File - RHS Chemistry

Lab #2: Density Is a Periodic Property
Discovering an Element
“With the periodic and atomic relations now shown to exist between all atoms
and the properties of their elements, we see the possibility not only of noting the
absence of some of them but even of determining…properties of these as yet
unknown elements.”
Dmitri Mendeleev (duh MEE tree MEN duh LAY uhf) proposed the periodic
law for the classification of elements in 1869-1871. After observing trends in the
properties of the elements when they were arranged in order of increasing atomic
mass, Mendeleev made a startling prediction. He predicted the existence and
properties of at least three undiscovered elements. Mendeleev saw what other
scientists before him had missed—he saw what wasn’t there!
At the time Mendeleev proposed the periodic law, the foundation of the
modern periodic table for the classification of elements, 63 elements were known.
Their physical and chemical properties had been studied and their atomic masses
measured. Mendeleev arranged the known elements in a calendar-like table of
rows and columns in order of increasing atomic mass and repeating chemical
properties. It is at this point, however that Mendeleev made a giant leap of
discovery—he suggest that there were some gaps or missing elements in the list
of known elements.
Among the Group IV elements in Mendeleev’s classification scheme, carbon
appeared in the second row, followed by silicon in the third row. Both tin and lead
shared similar chemical properties with carbon and silicon and were also known
at this time. Because of their high atomic masses, however, these metals were
placed in later rows of Mendeleev’s Group IV column beneath silicon in the
Group IV elements. In 1871, Mendeleev proposed that there existed an as-yetunknown element beneath silicon in the Group IV elements. He named the
missing element eka-silicon and predicted its physical properties (atomic mass,
melting point, density, and specific heat). In 1886 the element germanium was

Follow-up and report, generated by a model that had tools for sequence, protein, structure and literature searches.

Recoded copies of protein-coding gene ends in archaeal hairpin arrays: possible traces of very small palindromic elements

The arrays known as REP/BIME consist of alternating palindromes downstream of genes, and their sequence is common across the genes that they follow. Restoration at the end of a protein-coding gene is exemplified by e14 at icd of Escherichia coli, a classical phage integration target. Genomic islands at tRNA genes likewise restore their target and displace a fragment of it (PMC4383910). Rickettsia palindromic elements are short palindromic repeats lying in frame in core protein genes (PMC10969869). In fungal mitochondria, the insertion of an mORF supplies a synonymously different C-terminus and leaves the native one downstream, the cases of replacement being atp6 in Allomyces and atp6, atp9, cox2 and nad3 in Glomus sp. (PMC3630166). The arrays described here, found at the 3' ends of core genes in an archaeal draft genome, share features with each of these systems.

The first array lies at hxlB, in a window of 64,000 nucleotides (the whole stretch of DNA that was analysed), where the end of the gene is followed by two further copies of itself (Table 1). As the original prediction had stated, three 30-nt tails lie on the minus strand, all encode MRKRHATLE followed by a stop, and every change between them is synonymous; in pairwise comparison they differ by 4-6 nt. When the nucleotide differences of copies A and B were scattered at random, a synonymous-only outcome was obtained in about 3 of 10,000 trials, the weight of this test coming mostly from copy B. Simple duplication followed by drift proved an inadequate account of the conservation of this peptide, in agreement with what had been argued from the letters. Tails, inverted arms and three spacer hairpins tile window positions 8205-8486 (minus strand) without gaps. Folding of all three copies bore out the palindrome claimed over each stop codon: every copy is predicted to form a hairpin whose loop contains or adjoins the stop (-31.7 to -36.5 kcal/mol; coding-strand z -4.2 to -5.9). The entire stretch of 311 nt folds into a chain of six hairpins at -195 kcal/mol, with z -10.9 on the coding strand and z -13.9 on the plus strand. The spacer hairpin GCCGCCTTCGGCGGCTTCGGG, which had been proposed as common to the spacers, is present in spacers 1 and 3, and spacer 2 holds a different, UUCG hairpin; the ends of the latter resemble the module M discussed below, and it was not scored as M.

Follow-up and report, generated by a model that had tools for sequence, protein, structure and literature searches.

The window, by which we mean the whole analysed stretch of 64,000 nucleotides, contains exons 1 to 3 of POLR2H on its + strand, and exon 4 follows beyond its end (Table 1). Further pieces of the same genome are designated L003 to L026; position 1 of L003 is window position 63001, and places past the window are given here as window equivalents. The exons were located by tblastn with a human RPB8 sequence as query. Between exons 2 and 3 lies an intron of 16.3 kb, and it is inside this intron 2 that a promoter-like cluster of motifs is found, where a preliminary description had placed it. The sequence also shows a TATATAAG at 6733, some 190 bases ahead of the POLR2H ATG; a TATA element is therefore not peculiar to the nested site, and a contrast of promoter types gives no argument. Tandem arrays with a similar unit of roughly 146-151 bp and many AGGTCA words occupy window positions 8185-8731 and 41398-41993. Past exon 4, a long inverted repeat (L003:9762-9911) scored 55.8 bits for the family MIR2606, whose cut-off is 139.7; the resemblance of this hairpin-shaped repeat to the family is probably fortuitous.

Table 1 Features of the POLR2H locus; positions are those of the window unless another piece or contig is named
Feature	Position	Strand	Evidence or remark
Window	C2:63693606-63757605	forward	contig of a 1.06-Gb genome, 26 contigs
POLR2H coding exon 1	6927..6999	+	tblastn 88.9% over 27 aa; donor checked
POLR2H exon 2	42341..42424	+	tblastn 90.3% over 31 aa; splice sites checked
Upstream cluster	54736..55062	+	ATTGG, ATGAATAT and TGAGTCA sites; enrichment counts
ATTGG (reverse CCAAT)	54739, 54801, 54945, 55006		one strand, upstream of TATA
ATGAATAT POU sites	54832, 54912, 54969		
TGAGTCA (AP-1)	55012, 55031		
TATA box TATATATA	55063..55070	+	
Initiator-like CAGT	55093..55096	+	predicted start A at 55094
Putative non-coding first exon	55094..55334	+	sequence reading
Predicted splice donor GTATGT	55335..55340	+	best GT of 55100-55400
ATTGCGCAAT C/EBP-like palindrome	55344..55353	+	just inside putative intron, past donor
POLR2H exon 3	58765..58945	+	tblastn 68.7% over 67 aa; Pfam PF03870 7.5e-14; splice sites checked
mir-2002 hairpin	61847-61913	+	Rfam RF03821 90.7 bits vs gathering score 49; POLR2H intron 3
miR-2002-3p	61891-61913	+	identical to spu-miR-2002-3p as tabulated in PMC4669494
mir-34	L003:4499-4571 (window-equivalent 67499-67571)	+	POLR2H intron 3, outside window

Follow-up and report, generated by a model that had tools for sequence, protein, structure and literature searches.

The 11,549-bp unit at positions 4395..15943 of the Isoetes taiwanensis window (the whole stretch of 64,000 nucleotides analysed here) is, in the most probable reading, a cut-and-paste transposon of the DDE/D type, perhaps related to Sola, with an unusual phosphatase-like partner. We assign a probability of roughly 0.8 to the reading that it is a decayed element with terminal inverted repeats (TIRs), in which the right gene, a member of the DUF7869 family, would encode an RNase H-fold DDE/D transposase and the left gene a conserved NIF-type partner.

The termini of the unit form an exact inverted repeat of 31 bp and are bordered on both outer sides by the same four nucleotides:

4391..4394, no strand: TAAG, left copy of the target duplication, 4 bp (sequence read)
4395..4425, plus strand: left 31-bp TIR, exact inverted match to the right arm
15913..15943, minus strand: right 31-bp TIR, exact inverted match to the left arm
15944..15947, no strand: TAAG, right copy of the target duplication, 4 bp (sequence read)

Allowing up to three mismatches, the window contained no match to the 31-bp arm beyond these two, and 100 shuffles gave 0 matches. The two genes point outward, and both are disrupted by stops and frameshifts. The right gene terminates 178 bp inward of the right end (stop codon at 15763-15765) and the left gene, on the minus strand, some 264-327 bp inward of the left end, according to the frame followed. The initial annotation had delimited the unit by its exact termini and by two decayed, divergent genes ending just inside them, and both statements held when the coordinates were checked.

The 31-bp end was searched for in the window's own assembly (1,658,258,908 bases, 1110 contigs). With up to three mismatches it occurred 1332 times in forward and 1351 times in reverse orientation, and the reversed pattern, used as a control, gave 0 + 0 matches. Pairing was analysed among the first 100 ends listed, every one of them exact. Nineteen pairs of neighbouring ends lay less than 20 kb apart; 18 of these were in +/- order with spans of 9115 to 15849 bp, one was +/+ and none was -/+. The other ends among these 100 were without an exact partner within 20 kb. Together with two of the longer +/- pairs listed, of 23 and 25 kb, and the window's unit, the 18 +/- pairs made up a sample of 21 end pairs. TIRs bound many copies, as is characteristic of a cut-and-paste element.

discovered by the German chemist Clemens Winkler. In his report of the
discovery, Winkler stated:
“…There can be no longer any doubt that the new element is no other than the
eka-silicon prognosticated fifteen years ago by Mendeleev.”
Within 15 years of Mendeleev’s prediction of the existence of missing
elements, three of the elements had been discovered, their properties in excellent
agreement with those predicted by Mendeleev. Is it possible to recreate some of
the excitement that followed the prediction and discovery of Mendeleev‘s missing
Experiment Overview
The purpose of this experiment is to measure mass and volume data
for silicon, tin, and lead, calculate their densities, and use these results to
predict the density of germanium, Mendeleev’s “undiscovered” element in
the Group IV family of elements. The volume of the elements will be
measured by water displacement.
Prelab Questions
1. One of the elements Mendeleev predicted was eka-aluminum,
corresponding to a gap in the fourth row or period of the Group IIIA
elements, between aluminum and indium.
The density of aluminum (period 3) is 2.70, that of indium (period 5)
7.31, and that of thallium (period 6) 11.85 g/cm3. Make a graph of
period number on the x-axis versus density on the y-axis for each of
these elements.
2. Use your graph to predict the density of eka-aluminum. What known
element in the modern Periodic Table corresponds to eka-aluminum?
3. How do the actual and predicted density values compare? You have to
look up the actual density for the element you named #2! Use the
following equation to calculate the percent error between the predicted
and actual values for the density of eka-aluminum. (Note: The actual
density of this element is 5.90 g/cm3).
𝑝𝑒𝑟𝑐𝑒𝑛𝑡 𝑒𝑟𝑟𝑜𝑟 =
|𝑎𝑐𝑡𝑢𝑎𝑙 − 𝑝𝑟𝑒𝑑𝑖𝑐𝑡𝑒𝑑|
𝑥 100%